Norfolk’s past captured at fair

Celebrating Norfolk's heroes was the theme as hundreds of people flocked to the Gressenhall Farm and Workhouse, near Dereham, to capture the county's proud past at the annual history fair yesterday.

Robert Kett, who led the rebellion against the loss of common land, Admiral Horatio Nelson, who was triumphant at the Battle of Trafalgar, Margaret Fountaine, the Victorian butterfly collector and adventurer, and Howard Carter, the archaeologist who discovered Tutankhamen's tomb, were all remembered during the day of re-enactments, demonstrations and displays.

Members of the Norwich and Norfolk Medieval Association set up a camp and lived as they would have done in the Middle Ages and showed how another Norfolk hero – Sir Thomas Erpingham – led his men to victory against the French at Agincourt in 1415 despite being massively outnumbered.

Turning the clock forward to the 18th century, and the Mannered Mob taught visitors traditional skills, crafts and pastimes.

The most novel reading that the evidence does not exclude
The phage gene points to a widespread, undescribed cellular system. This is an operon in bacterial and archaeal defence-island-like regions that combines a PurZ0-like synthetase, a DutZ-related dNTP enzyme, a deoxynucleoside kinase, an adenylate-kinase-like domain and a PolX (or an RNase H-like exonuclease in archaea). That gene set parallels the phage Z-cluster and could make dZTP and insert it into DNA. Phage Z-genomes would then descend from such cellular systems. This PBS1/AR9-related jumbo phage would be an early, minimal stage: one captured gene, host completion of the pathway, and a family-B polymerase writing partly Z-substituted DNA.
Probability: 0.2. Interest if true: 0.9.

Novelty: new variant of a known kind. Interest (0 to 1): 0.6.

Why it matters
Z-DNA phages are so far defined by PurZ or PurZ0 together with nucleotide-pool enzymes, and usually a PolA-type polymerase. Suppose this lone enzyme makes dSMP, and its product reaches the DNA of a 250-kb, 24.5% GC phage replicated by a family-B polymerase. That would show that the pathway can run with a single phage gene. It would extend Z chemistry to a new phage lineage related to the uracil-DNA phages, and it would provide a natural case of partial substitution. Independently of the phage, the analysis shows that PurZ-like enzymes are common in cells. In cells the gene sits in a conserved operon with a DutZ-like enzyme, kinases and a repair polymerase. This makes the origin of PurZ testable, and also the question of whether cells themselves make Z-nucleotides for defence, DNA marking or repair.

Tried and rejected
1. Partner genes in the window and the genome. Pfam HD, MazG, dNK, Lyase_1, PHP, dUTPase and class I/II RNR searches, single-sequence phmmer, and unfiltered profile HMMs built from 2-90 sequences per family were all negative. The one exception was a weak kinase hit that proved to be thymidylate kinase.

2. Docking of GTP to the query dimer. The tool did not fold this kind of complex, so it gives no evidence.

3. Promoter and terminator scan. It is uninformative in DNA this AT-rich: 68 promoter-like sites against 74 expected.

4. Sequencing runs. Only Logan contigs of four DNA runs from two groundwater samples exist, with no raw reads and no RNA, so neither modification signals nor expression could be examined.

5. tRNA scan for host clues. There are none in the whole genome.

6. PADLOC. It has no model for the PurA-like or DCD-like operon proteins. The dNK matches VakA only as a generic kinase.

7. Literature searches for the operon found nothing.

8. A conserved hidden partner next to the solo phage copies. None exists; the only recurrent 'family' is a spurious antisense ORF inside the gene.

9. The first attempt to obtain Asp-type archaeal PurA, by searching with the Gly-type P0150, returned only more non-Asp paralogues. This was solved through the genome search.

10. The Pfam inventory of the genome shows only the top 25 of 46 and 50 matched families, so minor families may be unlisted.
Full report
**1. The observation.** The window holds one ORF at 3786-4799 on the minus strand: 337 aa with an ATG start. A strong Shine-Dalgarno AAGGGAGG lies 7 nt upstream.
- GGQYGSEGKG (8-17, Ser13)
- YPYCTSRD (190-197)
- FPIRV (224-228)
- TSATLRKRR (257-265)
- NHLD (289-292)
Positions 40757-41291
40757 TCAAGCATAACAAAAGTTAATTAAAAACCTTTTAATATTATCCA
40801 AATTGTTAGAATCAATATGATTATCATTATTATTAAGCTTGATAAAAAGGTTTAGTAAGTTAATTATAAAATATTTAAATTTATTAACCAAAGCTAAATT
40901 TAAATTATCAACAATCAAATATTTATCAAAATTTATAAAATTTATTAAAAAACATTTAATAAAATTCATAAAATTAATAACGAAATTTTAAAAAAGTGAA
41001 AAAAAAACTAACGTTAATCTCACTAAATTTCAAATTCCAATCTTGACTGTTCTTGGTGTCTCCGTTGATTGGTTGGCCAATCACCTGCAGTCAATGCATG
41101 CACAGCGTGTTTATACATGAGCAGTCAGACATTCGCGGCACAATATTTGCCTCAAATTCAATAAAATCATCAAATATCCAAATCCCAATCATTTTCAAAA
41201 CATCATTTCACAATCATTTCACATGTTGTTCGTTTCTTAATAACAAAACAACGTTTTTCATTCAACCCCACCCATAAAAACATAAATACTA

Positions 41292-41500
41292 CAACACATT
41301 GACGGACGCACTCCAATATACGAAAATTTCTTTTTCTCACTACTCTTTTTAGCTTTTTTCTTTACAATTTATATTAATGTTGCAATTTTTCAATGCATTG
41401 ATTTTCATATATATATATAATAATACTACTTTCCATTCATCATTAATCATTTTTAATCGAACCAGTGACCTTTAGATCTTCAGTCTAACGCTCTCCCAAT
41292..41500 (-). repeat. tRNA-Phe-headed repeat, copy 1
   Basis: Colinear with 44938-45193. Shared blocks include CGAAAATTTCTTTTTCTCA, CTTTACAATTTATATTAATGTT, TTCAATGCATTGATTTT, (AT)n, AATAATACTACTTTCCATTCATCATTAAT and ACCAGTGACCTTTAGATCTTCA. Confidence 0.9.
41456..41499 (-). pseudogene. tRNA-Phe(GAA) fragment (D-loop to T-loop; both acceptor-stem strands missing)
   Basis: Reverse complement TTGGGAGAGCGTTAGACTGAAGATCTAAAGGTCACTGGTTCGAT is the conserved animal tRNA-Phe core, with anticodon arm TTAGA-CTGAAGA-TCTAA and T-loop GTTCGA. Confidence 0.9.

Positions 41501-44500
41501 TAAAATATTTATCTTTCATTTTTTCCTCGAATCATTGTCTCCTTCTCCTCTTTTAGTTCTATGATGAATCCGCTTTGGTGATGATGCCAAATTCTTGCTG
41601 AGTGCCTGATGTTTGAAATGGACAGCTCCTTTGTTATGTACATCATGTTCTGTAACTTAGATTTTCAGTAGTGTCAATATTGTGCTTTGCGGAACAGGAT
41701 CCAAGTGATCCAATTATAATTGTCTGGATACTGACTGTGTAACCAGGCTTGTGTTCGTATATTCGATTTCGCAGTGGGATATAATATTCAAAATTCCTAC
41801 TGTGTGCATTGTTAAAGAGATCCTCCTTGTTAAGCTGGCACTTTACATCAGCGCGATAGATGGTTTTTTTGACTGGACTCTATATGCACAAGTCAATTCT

Spinning, metal detecting and engines in steam were among the other attractions, while the library – which is only normally open by appointment – was accessible to the public.

The gusty winds proved tricky during the day, especially in the large marquees, but all the 40 local societies continued with their activities.

The final attendance figure was still being calculated but it is hoped it will be near the usual total of about 1,500 for the history fair.

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Duty manager Rose Sheen said the museum was eager to continue laying on the special event.

'It is always a very valuable day and highlights the connections between local history groups, other small museums – which are often independent – and the Norfolk Museums Service.

'This is a day to bring them all together.'

She added: 'The history fair brings the past to life and people enjoy talking to those who know in depth about the heroes and the activities. The Norfolk heroes are really important for our county and its heritage.'

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